About 4 million U.S. residents are chronically infected with HCV. The often progressive liver disease is most prevalent among people born between 1945 and 1965, yet roughly two thirds remain unaware they are living with the virus.

This is a problem because HCV progresses slowly, and the risk of serious complications increases as time passes. In 2007, more than 15,000 HCV-related deaths were reported to the National Center for Health Statistics—higher than the number of HIV-related deaths reported in the same year—and without changes to current diagnosis and treatment methods, deaths from HCV are projected to increase to 35,000 a year by 2030.

Currently, the Centers for Disease Control and Prevention (CDC) recommends antibody screening only of individuals with health or lifestyle indicators suggesting potential infection. These indicators include a history of injecting drugs, having a blood transfusion before 1992 or being a chronic hemodialysis patient. Unfortunately, many people living with hepatitis C continue to fall through the cracks, given that they may be uncomfortable disclosing risks—or may have forgotten about high-risk behaviors decades earlier—or have health care providers who lack the time and resources to conduct risk assessments.

Rein and his colleagues thus set out to determine if proactively screening all baby boomers—a “birth cohort” of people born from 1945 through 1965—for HCV would be cost effective in the primary care setting. They developed a computer model, incorporating HCV prevalence estimates from the National Health and Nutrition Examination Survey, to analyze the cost effectiveness of four scenarios: (1) no screening or treatment; (2) risk-based screening and standard treatment of pegylated interferon and ribavirin; (3) birth cohort screening with standard treatment; (4) birth cohort screening with standard treatment for patients identified with hepatitis C genotype 2 or 3, and standard treatment plus a direct acting antiviral drug  (DAA) for patients with the most prevalent and hardest-to-treat form of the virus, genotype 1.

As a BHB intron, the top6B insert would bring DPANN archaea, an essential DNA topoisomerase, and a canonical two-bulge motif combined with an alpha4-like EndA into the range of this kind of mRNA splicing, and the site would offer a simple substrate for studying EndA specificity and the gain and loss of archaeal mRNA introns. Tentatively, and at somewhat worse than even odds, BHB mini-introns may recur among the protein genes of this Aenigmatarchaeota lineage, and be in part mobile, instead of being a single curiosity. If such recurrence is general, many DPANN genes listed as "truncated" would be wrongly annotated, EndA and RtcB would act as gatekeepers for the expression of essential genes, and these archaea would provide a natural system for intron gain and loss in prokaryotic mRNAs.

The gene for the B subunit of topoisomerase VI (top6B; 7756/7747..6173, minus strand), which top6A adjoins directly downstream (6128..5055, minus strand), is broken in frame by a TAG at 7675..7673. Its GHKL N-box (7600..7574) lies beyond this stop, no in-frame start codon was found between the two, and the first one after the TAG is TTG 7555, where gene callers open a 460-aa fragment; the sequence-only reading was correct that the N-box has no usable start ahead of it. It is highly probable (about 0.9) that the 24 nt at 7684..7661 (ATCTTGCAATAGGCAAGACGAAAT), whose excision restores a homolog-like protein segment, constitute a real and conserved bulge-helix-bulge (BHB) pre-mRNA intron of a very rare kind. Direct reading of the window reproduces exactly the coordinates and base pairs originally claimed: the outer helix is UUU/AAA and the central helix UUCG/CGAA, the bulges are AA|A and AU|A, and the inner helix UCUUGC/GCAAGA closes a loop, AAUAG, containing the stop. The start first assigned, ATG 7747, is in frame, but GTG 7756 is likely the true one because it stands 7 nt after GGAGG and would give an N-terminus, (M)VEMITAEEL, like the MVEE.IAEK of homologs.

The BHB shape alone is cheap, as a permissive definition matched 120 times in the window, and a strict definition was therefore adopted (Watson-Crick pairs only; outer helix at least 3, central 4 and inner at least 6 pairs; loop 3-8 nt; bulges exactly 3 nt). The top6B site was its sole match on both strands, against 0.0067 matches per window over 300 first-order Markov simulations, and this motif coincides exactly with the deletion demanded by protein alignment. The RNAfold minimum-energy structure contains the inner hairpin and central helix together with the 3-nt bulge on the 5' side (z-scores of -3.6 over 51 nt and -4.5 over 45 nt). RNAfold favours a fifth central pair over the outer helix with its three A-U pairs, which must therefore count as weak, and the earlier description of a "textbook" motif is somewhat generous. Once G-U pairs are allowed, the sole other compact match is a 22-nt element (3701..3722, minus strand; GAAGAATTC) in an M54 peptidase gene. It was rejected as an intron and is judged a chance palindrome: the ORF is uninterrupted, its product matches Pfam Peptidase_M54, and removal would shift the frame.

Based on published studies, Rein’s group estimated that about 18 percent of people currently in primary care haven been screened. By testing all people in the birth cohort, his team said it was possible to increase this rate to 91 percent. Compared to the current strategy of risk-based screening, universally screening all baby boomers would identify 808,580 new HCV cases—85.9 percent of all undiagnosed cases in the birth cohort—compared with 21 percent under risk-based screening.

His group also documented that the strategy would significantly reduce the number of premature deaths and is at least as cost-effective as many routinely administered preventive practices, such as breast cancer screening or colorectal screening. Universal testing, followed by standard treatment for those found to be chronically infected and at risk for serious liver disease, reduced deaths by 82,300 at a cost of $15,700 “per quality adjusted life-year (QALY) gained,” which is a measure of disease burden, including both the quality and the quantity of life lived. Incorporating DAA treatment, such as the protease inhibitors Incivek (telaprevir) or Victrelis (boceprevir), to standard therapy when indicated would prevent about 121,000 deaths compared to risk-based screening at a cost of $35,000 per QALY gained.

Rein concedes that universal screening of baby boomers—about 8 million U.S. residents—is more costly than screening based on past or present behaviors or another identification characteristics: People with chronically elevated liver enzyme levels.

However, according to another report at AASLD by Bryce Smith, MD, and his colleagues at the CDC in Atlanta, limiting HCV screening to baby boomers with elevated liver enzymes would result in less than 40 percent of those living with hepatitis C being diagnosed—half the amount that would be identified using the proposed universal screening approach.